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Is it true that Krishna is the only avatar who was married to more than one woman?

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    Yes, why did you ask? – Wikash_ Feb 27 at 13:44
  • @Wikash_hindu in order to research whether it depends on the relativeness of dharma by time. – hanugm Feb 27 at 13:46
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    In Ramayana, multiple wives is not adharmic in itself. But Rama chose to have only one wife. – Lazy Lubber Feb 27 at 13:49
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Kalki Avatara in Dasavatara also has multiple wives (two wives), Padmavati and Ramaa, as per Kalki Purana. Kalki Purana mentions how Lord Kalki married his two wives. (translated by Bhumipati Das)

Chapter 10 mentions the marriage of Padmavati and Kalki.

  1. After greeting Lord Kalki, the king worshiped Him with great respect and then brought Him to his palace, which had decorated pillars, gates, and residential quarters He then gave his daughter's hand in charity to the Lord

  2. Thus King Brhadratha had his daughter, Padmavati, whose eyes were like lotus petals, who had the fragrance of a lotus, and who was born at a place where many lotuses grew, married to the Lord, who possesses a lotus like navel

Chapter 24 mentions marriage of Ramaa and Kalki.

  1. Thereafter, King Sasidhvaja summoned his sons from the battlefield and, as desired by his wife, handed over his daughter, Rama, to Lord Kalki in marriage.

Chapter 33 of Kalki Purana describes Kalki pastime with His consorts:

  1. Thus, the village of Sambhala, which was profusely decorated with blooming flowers, pious trees, forests, and gardens, became a holy place that granted liberation from material existence.

  2. The master of the universe, Lord Kalki, who was especially pleasing to the eyes and minds of women, happily resided with PadmavatI and Rama in the village of Sambhala.

  3. to 8. The Lord would mount His celestial chariot, which had been given to Him by Indra, and periodically visit holy rivers, mountains, groves, and islands. In this way, He would enjoy pleasure pastimes with PadmavatI and Rama. He thus appeared to be a most perfect, passionate male, afflicted by transcendental lust. Indeed, the Lord of Ramaa became so absorbed in thought of His consorts that He completely forgot whether it was day or night.

  • The Kalki avatar has yet to arrive so technically only Krishna had more wives. – Wikash_ Feb 27 at 16:45
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    @Wikash_hindu Yes. But seems like OP wants to know in general among all Dashavataras. – The Destroyer Feb 27 at 16:48
  • I disagree he clearly said "was married". But I will upvote your answer since it adds value. – Wikash_ Feb 27 at 16:52
  • @Wikash_hindu See question before editing. I think Op wants to know in general. – The Destroyer Feb 27 at 17:10
  • We are told Kalki will appear at the end of kaliyuga.But kings are no more there.How will king Bhadranatha emerge in thisnsituation? – user17294 Feb 27 at 18:30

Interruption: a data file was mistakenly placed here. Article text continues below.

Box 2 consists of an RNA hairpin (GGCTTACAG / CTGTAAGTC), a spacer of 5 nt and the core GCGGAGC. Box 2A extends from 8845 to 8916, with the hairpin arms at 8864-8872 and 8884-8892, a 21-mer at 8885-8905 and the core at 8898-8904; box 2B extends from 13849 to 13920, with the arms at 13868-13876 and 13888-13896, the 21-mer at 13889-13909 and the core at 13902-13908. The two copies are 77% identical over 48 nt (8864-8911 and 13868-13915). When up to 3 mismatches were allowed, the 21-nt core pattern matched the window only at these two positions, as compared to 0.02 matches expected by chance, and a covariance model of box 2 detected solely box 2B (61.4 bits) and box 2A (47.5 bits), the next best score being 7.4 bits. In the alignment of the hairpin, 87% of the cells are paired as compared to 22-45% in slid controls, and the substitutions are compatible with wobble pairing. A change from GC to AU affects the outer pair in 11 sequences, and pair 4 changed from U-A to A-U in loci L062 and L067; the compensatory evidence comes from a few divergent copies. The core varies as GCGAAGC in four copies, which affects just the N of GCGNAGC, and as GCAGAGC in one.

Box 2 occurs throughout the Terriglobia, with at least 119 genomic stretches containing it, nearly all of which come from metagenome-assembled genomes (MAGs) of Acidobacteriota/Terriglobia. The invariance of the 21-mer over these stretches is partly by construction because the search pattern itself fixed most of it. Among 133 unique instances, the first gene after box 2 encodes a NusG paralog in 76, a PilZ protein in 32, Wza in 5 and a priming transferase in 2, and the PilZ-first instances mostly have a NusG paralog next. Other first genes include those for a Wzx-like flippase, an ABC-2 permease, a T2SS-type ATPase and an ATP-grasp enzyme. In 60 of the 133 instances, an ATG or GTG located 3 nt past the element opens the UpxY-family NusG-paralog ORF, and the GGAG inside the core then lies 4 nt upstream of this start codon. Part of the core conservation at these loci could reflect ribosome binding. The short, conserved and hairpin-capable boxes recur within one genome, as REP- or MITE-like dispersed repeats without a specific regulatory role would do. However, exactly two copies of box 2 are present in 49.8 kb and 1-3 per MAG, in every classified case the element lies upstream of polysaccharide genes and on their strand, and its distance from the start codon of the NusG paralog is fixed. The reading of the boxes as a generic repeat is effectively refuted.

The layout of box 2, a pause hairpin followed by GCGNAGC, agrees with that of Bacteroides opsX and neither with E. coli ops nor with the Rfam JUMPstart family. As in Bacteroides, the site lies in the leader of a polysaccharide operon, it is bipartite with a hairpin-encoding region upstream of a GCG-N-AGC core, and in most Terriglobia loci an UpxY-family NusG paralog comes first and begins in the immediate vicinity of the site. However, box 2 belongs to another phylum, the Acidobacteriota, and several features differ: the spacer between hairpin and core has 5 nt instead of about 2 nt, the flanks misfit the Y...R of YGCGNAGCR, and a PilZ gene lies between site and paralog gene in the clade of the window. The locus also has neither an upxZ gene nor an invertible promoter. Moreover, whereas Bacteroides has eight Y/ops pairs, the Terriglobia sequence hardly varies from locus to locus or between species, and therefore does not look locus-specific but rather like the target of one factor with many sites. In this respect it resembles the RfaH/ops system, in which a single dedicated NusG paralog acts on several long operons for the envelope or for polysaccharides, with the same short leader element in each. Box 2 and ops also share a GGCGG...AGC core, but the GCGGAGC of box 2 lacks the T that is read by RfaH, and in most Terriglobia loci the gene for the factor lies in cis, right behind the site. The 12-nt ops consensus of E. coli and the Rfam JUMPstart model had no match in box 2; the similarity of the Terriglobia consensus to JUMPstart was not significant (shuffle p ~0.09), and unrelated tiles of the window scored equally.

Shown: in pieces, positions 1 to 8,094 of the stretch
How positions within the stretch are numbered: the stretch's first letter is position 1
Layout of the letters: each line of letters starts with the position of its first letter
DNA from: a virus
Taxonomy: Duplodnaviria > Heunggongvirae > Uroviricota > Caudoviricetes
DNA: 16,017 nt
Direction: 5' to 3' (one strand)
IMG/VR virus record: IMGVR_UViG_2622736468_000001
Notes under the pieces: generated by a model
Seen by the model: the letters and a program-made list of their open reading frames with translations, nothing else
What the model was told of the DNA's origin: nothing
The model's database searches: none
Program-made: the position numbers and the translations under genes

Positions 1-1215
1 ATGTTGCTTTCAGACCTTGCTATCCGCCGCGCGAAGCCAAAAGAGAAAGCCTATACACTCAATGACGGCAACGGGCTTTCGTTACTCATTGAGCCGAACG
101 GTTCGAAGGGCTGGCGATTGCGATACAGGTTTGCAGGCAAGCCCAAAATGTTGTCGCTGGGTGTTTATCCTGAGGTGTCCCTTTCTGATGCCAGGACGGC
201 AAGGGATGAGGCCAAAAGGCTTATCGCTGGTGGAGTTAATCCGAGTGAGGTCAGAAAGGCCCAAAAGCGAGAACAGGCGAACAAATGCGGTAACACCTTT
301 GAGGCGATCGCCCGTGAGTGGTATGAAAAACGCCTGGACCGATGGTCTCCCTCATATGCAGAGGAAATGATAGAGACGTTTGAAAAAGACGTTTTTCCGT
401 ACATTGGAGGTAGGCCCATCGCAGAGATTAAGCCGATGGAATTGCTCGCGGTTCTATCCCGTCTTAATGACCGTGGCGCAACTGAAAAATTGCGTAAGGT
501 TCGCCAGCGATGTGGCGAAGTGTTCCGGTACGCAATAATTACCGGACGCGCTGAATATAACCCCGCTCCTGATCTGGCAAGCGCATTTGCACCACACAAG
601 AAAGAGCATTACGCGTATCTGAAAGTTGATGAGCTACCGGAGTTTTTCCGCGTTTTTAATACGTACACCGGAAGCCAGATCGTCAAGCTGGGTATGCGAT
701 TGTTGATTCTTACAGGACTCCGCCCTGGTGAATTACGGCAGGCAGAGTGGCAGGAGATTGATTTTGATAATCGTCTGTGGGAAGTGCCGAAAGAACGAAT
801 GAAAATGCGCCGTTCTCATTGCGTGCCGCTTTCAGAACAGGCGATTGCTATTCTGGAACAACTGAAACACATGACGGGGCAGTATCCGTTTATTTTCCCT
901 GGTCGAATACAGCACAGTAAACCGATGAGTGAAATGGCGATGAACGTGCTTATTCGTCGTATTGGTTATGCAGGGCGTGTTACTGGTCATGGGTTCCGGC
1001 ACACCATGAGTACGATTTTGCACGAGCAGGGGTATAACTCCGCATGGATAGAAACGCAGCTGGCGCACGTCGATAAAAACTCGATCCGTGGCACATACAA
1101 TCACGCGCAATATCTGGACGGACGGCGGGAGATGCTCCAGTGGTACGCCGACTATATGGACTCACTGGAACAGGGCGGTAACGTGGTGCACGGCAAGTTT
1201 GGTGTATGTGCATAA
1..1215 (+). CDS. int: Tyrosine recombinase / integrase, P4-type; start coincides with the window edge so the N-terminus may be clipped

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The Destroyer has already pointed out that the Kalki Avataar will have two wives.

And so Kalki is THE ONLY AVATAR in the Dasa-avatars Who would have two wives.

This is because, Sri Krishna is NOT counted in the Dasa-Avatars. The Dasa-Avatars are -Matya, Kurma, Varaha, Nrisimha,Vamana, Parasurama, Rama, Balarama, Buddha and Kalki.(Reference : Dasavatar-stotra by Jaydev).

Krishna is 'Bhagavan Svayam'. He is Avatari and Avatars are His amsas: "ete chamshakalaah pumsah krishnastu bhagavan svayam".(Srimad-Bhagavatam 1/3/28)

So Jaydeva writes: 'Keshava drita Dasavidha rupa, Jaya Jagadisha Hare'.

Including Sri Krishna in the Ten Avatars is a misconception as the most authentic list of Dasavatar comes from Jayadev.

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    @Wikash_hindu Thanks so much,But I think Jayadev is a higher authority in this regard as he wrote the Dasavatar-stotra – user17294 Feb 28 at 13:22
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    Krishna is avatari, but he takes role of avatar (meaning he also descends to earth) also according to gaudiya vaishnavas. Scriptures do count Krishna as avatar. So he can be counted among avatars as well. But since people will think avatar means only vishnu amsa, Jayadeva seems to have included Balaram instead just to make Krishna's position more explicit. – user2612 Feb 28 at 15:34
  • Generally speaking Krishna is counted among the dashavatars. It is ridiculous to count Balarama as he did not change the history as powerful as the other avatars. – Wikash_ Feb 28 at 16:17
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    @Wikash_hindu actually Balaram is also counted as 20th avatar in bhagavatam 1.3.23. I know another scripture also counting Balaram but can't recollect. So it is not wrong to count him as avatar. Jayadeva is not gaudiya vaishnava. He is 12th century poet where as gaudiya-vaishnavism is of 16th century. But I agree when scriptures count only dasavatars, they count Krishna instead of Balaram. – user2612 Feb 28 at 16:45
  • "He is Avatari and Avatars are His amsas". Nowhere in the scriptures is this written so this is false. – Wikash_ Mar 1 at 6:04

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